Roger and Susan Atlas were our Featured Volunteers for the Month of June 2023. Roger has been volunteering with us since we were in the U District. During quarantine in 2020, Susan filled all the orders for people in Texas state prisons, 30-40% of our total requests, in her garage.
In 2017, they found out that Discover Books, an online retailer of used books in Tacoma, donated books they couldn't sell to nonprofits. They opened their home to wholesale deliveries of these books, and gave them away around the world. They became our single largest source of book donations, especially genre fiction and textbooks.
In September, Discover Books closed its Tacoma warehouse. Last month, Roger described how this has affected their capacity,
"Things have changed very much since the Discover Books sorting facility left Washington state.
"Over six years, we have grown to serve over 400 non-profits. This year we have provided books to just over 100 destinations that are mostly in western Washington but also ranged as far as Gambia, Tanzania, Mexico, India and Nepal. These recipients are primarily educational but also include a wide variety of organizations such as hospitals, prisons, shelters, low income housing, senior citizens residences, immigrant groups, and day care centers for toddlers.
"Discover Books provided a very wide variety of books. We still receive books from other sources but the characteristics are different.
"Our primary source has become school districts so we have less variety. Most of the books we receive are English language for audiences between 6 and 18, i.e, the ages of students.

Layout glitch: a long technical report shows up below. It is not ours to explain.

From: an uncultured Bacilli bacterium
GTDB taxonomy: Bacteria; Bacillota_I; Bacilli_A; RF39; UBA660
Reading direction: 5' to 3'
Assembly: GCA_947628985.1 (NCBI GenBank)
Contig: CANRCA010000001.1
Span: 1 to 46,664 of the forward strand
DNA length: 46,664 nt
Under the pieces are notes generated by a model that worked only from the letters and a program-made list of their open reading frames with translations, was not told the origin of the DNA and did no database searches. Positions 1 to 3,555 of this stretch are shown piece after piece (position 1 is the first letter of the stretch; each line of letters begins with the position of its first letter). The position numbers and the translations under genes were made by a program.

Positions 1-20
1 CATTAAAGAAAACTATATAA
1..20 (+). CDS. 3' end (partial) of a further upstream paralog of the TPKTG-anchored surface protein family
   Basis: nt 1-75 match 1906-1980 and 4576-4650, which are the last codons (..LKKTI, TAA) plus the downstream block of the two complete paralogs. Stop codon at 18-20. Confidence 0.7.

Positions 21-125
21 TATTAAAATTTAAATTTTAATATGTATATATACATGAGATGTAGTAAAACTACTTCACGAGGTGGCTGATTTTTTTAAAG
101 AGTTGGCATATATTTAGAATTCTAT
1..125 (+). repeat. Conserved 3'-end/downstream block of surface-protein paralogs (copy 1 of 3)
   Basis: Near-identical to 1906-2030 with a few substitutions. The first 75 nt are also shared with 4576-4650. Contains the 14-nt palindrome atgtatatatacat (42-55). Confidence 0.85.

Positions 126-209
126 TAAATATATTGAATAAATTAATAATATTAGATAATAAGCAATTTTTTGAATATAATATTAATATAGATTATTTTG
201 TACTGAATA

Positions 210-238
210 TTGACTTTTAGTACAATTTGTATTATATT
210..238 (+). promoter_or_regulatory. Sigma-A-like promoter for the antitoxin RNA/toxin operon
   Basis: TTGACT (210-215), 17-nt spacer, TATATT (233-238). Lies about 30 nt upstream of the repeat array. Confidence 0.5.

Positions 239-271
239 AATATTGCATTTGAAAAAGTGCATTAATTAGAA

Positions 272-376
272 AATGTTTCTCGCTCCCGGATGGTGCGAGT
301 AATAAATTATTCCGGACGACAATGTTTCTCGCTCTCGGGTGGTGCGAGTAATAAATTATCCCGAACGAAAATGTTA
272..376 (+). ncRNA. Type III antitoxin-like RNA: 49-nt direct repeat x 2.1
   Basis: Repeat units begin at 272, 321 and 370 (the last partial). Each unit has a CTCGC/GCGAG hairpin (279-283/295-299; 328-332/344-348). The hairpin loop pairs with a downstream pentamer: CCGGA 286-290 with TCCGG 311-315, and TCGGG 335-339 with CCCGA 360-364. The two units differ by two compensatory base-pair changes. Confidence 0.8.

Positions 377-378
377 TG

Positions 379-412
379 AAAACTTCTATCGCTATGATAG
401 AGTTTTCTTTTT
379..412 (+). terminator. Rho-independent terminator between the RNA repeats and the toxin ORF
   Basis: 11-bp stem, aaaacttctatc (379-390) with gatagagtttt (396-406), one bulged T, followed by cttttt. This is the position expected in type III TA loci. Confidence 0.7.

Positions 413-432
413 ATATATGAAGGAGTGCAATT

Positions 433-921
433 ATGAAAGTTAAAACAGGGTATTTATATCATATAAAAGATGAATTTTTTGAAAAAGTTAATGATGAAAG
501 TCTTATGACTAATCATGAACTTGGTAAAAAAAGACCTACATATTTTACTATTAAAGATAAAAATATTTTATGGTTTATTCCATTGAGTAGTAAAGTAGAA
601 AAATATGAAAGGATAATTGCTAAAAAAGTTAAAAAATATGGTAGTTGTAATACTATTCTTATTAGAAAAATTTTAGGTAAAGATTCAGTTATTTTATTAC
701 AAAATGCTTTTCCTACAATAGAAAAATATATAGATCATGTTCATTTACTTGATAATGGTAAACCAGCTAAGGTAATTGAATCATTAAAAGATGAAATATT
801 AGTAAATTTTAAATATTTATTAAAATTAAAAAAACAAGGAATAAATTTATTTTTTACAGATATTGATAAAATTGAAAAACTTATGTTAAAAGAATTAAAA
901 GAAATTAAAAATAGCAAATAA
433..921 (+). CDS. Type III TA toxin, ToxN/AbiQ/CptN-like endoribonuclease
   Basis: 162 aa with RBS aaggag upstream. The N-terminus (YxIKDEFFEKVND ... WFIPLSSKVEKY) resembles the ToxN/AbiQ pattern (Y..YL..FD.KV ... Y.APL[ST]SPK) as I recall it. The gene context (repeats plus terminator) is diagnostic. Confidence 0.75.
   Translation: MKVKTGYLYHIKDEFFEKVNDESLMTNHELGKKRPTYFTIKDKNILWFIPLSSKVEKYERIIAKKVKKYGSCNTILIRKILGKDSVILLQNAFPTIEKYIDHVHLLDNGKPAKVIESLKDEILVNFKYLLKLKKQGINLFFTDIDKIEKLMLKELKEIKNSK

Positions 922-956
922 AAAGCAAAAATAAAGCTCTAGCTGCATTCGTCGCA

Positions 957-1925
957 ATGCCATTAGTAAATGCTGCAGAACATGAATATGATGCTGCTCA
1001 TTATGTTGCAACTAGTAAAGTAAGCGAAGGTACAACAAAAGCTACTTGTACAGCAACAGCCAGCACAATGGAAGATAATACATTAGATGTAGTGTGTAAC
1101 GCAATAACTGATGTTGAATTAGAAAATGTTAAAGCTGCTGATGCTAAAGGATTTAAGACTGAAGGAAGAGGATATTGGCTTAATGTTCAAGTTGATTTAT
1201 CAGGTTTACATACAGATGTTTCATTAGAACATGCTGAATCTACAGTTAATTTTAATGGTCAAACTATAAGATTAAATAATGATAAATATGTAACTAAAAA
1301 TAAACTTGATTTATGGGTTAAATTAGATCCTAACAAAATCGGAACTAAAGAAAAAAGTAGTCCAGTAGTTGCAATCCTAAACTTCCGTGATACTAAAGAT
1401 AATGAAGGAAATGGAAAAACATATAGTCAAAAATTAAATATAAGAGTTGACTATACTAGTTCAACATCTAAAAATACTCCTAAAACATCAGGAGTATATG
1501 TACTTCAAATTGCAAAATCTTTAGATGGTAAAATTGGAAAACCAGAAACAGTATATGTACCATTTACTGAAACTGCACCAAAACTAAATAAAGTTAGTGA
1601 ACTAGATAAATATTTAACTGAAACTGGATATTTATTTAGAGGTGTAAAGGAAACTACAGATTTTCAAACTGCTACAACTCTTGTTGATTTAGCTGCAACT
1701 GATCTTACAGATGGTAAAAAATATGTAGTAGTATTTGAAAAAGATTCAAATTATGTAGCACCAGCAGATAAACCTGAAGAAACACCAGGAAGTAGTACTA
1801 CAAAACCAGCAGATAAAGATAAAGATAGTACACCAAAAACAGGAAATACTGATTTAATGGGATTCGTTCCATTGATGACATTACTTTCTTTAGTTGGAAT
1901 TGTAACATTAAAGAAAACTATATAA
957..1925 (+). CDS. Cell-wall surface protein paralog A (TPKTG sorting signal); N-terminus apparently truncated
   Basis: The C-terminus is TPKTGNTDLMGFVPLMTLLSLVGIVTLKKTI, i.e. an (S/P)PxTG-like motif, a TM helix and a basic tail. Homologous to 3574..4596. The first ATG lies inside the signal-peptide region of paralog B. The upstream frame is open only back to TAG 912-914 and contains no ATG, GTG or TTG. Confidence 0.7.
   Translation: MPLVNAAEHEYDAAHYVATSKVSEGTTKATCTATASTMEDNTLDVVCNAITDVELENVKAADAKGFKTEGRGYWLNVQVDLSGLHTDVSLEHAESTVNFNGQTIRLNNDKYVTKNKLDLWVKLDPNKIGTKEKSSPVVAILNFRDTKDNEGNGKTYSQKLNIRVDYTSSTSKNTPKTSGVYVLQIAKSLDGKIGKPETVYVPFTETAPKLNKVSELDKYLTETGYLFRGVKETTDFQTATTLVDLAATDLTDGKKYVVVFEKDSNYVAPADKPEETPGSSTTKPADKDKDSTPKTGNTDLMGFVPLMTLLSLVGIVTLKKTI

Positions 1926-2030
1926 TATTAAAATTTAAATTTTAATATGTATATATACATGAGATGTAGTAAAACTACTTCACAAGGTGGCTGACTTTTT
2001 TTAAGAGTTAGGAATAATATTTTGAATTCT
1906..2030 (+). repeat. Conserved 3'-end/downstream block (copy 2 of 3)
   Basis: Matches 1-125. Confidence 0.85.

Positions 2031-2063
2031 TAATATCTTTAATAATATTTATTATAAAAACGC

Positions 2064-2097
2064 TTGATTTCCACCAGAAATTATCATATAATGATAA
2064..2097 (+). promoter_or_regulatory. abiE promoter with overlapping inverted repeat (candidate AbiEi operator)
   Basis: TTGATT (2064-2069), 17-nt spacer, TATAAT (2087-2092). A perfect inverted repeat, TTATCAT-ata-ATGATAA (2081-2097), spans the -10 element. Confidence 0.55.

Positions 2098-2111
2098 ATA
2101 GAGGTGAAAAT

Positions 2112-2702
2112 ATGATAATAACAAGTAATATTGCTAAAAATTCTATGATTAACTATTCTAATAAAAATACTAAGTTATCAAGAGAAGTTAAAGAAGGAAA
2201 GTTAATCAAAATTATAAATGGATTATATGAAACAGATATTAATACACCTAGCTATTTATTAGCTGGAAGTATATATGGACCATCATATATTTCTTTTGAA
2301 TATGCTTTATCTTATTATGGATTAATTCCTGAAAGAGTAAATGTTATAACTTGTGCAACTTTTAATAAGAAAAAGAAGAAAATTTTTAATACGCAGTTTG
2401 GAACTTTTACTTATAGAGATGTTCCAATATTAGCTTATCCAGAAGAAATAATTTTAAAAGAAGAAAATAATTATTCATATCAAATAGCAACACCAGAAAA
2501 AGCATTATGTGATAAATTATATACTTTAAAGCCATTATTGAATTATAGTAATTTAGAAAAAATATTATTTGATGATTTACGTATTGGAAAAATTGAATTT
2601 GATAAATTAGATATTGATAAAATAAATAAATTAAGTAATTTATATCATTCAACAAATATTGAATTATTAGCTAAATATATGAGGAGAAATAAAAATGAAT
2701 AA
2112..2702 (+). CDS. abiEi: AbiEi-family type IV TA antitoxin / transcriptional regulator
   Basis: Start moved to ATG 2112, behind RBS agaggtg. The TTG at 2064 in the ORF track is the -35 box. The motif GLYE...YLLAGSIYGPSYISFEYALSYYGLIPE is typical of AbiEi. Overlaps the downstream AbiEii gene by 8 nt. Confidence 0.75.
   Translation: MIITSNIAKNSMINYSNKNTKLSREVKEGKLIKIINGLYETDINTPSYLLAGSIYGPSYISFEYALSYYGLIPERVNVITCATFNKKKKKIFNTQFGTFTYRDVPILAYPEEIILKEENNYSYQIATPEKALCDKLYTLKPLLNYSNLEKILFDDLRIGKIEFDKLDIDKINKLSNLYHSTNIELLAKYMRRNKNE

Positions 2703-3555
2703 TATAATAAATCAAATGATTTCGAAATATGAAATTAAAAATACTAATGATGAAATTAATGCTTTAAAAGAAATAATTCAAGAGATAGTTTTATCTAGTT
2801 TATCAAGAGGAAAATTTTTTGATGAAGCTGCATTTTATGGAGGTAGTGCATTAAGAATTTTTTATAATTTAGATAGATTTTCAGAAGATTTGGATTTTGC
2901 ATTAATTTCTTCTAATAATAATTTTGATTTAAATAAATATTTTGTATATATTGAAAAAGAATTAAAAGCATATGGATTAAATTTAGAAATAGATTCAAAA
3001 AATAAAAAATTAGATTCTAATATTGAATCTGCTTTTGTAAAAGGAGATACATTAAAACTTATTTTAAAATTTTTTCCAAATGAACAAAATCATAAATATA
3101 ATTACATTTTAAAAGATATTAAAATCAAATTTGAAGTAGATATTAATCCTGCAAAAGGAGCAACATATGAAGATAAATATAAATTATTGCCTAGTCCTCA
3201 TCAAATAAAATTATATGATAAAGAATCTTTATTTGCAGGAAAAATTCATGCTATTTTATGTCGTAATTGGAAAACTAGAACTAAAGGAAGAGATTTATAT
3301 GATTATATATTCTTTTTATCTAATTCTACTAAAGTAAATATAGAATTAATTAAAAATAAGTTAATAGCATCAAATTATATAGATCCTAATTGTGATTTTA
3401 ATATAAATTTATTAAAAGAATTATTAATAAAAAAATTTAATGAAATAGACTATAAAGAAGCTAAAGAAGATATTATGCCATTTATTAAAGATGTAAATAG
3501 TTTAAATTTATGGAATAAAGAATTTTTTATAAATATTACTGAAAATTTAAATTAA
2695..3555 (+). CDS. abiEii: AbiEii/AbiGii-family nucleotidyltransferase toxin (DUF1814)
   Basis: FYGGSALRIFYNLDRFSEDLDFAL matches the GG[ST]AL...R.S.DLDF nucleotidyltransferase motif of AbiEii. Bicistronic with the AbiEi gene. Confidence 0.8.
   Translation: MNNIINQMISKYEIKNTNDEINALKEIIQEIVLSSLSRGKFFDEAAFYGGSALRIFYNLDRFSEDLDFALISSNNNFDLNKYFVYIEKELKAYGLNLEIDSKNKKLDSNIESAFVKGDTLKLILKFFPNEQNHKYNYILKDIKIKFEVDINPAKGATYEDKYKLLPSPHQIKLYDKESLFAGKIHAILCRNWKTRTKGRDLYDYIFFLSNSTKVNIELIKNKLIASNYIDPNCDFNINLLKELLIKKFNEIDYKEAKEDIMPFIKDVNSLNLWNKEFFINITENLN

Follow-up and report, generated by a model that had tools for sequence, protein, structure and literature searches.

"We face challenges obtaining books for toddlers and adults. Therefore, although we continue to serve schools in need, our supply to other destinations,including Books to Prisoners, has been reduced.
"We are finding new sources of books but at substantially lower quantities. We continue to look for other sources of books in order to provide for our 400 non-profits. For example, Books to Prisoners is occasionally offered books that they cannot use. Andy has offered to divert those donations to us. In addition, Kris introduced us to the Bainbridge Island Community Garage sale.
"Our average receipt of books for the past years was about 1600 pounds of books per week. Now it is only about 200 pounds per week."
We checked back with Roger this week. He's optimistic about the future.
"Our book situation is slightly improved as we have three new sources. We cannot forecast how long it will take to fully recover to the rate of over 5000 boxes of books delivered per year. The trend line is improving, but slowly."
We asked him what he would say to anyone who wants to help him and Susan locate new sources.
"We particularly have a shortage in two categories of books. We need children’s books and we need foreign language books from regions at war or poverty (e.g. Russia/Ukraine, Arabic/Farsi/Pashto/Dari, Somali/Amharic, Spanish) which are generating many immigrants in this area. If you have access to books to donate, please contact Books to Prisoners.""